|Category 3 hurricane (SSHWS)|
|Duration||August 23 – September 8|
|Peak intensity||120 mph (195 km/h) (1-min) 946 mbar (hPa)|
A tropical wave developed into Tropical Depression Six on August 23, while located southeast of Cape Verde. The depression moved westward for several days and was upgraded to Tropical Storm Fran on August 27 while 1,035 miles (1,665 km) east of the Lesser Antilles. Fran tracked west-northwestward and intensified into a hurricane on August 29. However, Fran became less organized after a disruption to inflow due to Hurricane Edouard and weakened back to a tropical storm. Fran quickly re-intensified into a hurricane by August 31. While moving west-northwestward and then north-northwestward, the storm slowly strengthened. At 0000 UTC on September 5, Fran peaked as a Category 3 hurricane with maximum sustained winds of 120 mph (195 km/h) and a minimum barometric pressure of 946 mbar (27.9 inHg). Early on the following day, the storm made landfall near Cape Fear, North Carolina at the same intensity. Fran weakened and moved inland, becoming extratropical over Ontario on September 8. Its remnants moved over the Great Lakes and were absorbed by a front on September 10.
In South Carolina, the outer bands of Fran produced high winds and light to moderate rainfall, downing numerous trees and power lines. As a result, a number of cars were damaged and over 63,000 people were left without electricity. Damage in South Carolina reached about $40 million. The state of North Carolina bore the brunt of the storm. Wind gusts as strong as 137 mph (220 km/h) were reported. Additionally, storm tide heights ranging from 8 to 12 feet (2.4 to 3.7 m) lashed the coast. Damage was most severe in the Raleigh area, exceeding $2 billion. Several hundred thousand falling trees damaged at least 10,000 homes. Throughout the state, approximately 1.7 million people were left without electricity. Damage in North Carolina reached about $5.1 billion, with about $2.3 billion to homes and businesses, $1.1 billion to public property, $1 billion to forestry and timber, and $700 million to agriculture. Elsewhere, Fran brought flooding to several states, including Virginia, West Virginia, Maryland, Ohio, and Pennsylvania, as well as Washington, D.C. Outside North Carolina, effects were worst in Virginia, where flooding and winds left 400,000 people without electricity and caused about $350 million in damage. Hurricane Fran was responsible for 37 deaths, with 24 of them in North Carolina. Property damage in the United States was estimated at $5 billion.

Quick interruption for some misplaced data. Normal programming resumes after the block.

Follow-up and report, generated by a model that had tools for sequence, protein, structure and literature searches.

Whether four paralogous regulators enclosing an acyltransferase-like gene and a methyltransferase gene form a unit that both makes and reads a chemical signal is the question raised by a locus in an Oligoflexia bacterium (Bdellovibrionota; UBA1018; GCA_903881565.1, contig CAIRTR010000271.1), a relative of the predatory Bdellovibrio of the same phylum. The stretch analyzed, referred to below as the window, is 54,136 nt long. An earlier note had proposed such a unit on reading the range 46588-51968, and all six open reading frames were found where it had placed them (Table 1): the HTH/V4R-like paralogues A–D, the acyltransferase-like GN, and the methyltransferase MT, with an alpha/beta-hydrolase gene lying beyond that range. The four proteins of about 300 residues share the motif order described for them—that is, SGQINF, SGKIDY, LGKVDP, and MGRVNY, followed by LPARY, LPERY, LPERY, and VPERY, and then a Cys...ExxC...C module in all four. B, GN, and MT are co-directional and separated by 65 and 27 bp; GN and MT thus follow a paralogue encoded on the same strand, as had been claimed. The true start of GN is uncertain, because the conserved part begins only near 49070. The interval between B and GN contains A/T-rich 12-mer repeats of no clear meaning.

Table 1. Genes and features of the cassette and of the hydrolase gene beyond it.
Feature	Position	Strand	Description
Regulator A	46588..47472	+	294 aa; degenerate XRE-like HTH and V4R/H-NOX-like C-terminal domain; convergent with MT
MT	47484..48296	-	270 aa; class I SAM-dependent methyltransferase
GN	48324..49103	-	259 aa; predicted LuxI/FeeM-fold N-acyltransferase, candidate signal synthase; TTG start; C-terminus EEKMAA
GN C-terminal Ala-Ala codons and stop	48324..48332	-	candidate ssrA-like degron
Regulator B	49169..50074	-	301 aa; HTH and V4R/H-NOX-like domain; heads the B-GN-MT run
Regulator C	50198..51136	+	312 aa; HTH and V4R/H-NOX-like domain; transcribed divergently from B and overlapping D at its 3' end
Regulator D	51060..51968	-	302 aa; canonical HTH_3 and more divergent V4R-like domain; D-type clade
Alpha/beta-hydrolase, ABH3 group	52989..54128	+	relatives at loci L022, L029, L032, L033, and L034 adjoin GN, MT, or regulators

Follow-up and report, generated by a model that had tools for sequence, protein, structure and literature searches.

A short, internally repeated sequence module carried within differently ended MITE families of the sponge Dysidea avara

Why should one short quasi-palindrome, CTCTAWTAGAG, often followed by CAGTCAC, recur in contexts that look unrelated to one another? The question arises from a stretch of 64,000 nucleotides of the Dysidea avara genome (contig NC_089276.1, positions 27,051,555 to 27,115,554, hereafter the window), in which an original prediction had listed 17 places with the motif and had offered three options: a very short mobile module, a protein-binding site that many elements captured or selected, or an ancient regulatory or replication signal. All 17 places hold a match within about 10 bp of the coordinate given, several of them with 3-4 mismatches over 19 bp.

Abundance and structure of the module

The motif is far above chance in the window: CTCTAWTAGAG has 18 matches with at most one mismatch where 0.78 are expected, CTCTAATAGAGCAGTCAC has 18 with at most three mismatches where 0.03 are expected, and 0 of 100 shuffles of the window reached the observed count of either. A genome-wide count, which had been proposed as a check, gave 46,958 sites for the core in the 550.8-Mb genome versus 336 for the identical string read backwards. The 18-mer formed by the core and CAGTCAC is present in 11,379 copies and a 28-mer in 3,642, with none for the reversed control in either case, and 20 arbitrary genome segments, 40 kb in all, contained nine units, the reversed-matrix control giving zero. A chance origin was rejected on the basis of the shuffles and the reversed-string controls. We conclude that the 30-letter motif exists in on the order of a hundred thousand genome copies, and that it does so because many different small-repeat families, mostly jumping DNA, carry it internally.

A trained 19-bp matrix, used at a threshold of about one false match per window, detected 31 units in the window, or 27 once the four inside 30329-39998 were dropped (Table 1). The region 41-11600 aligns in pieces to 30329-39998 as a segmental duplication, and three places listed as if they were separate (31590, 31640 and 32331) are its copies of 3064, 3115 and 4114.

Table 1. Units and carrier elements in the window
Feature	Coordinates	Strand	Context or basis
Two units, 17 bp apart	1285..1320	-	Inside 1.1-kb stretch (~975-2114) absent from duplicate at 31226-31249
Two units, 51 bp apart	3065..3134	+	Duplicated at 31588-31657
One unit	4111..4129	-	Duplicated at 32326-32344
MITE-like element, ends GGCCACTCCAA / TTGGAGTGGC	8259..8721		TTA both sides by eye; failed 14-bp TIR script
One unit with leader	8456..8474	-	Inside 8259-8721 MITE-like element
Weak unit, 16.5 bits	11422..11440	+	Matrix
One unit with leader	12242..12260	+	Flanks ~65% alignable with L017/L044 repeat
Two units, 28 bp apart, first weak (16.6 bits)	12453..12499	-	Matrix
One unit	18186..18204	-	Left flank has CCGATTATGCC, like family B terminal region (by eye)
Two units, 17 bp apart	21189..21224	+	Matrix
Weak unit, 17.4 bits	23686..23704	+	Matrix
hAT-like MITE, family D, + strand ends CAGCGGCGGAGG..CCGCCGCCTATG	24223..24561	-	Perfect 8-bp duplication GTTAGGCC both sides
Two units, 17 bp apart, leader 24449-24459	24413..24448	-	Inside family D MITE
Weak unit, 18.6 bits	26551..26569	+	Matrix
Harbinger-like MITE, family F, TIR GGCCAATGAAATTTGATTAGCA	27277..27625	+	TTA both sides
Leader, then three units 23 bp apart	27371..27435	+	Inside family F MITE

|Tropical storm (SSHWS)|
|Duration||August 26 – September 2|
|Peak intensity||45 mph (75 km/h) (1-min) 1005 mbar (hPa)|
An area of disturbed weather, accompanied with a low-level circulation, emerged into the Atlantic from the west coast of Africa on August 24. It organized further over the next few days, becoming Tropical Depression Seven on August 26, while located about 150 miles (240 km) south of Cape Verde. With a ridge to its north, the system moved west-southwestward. Conditions were initially unfavorable for development due to outflow from Hurricane Fran. On August 28, the depression began moving northwestward due to an approaching trough. Around the same time, the influence from Fran decreased, allowing it to intensify into Tropical Storm Gustav on August 28.
At 0000 UTC on August 29, Gustav reached its peak intensity as a 45 mph (75 km/h) and a minimum barometric pressure of 1,005 mbar (29.7 inHg). Thereafter, the trough previously causing the storm's northwestward motion transitioned into an upper-level low, increasing shear across the region. As a result, the storm slowly weakened and was downgraded to a tropical depression late on September 1. Gustav dissipated at 0600 UTC on the following day, while situated about 1,015 miles (1,633 km) east-northeast of the northernmost Lesser Antilles.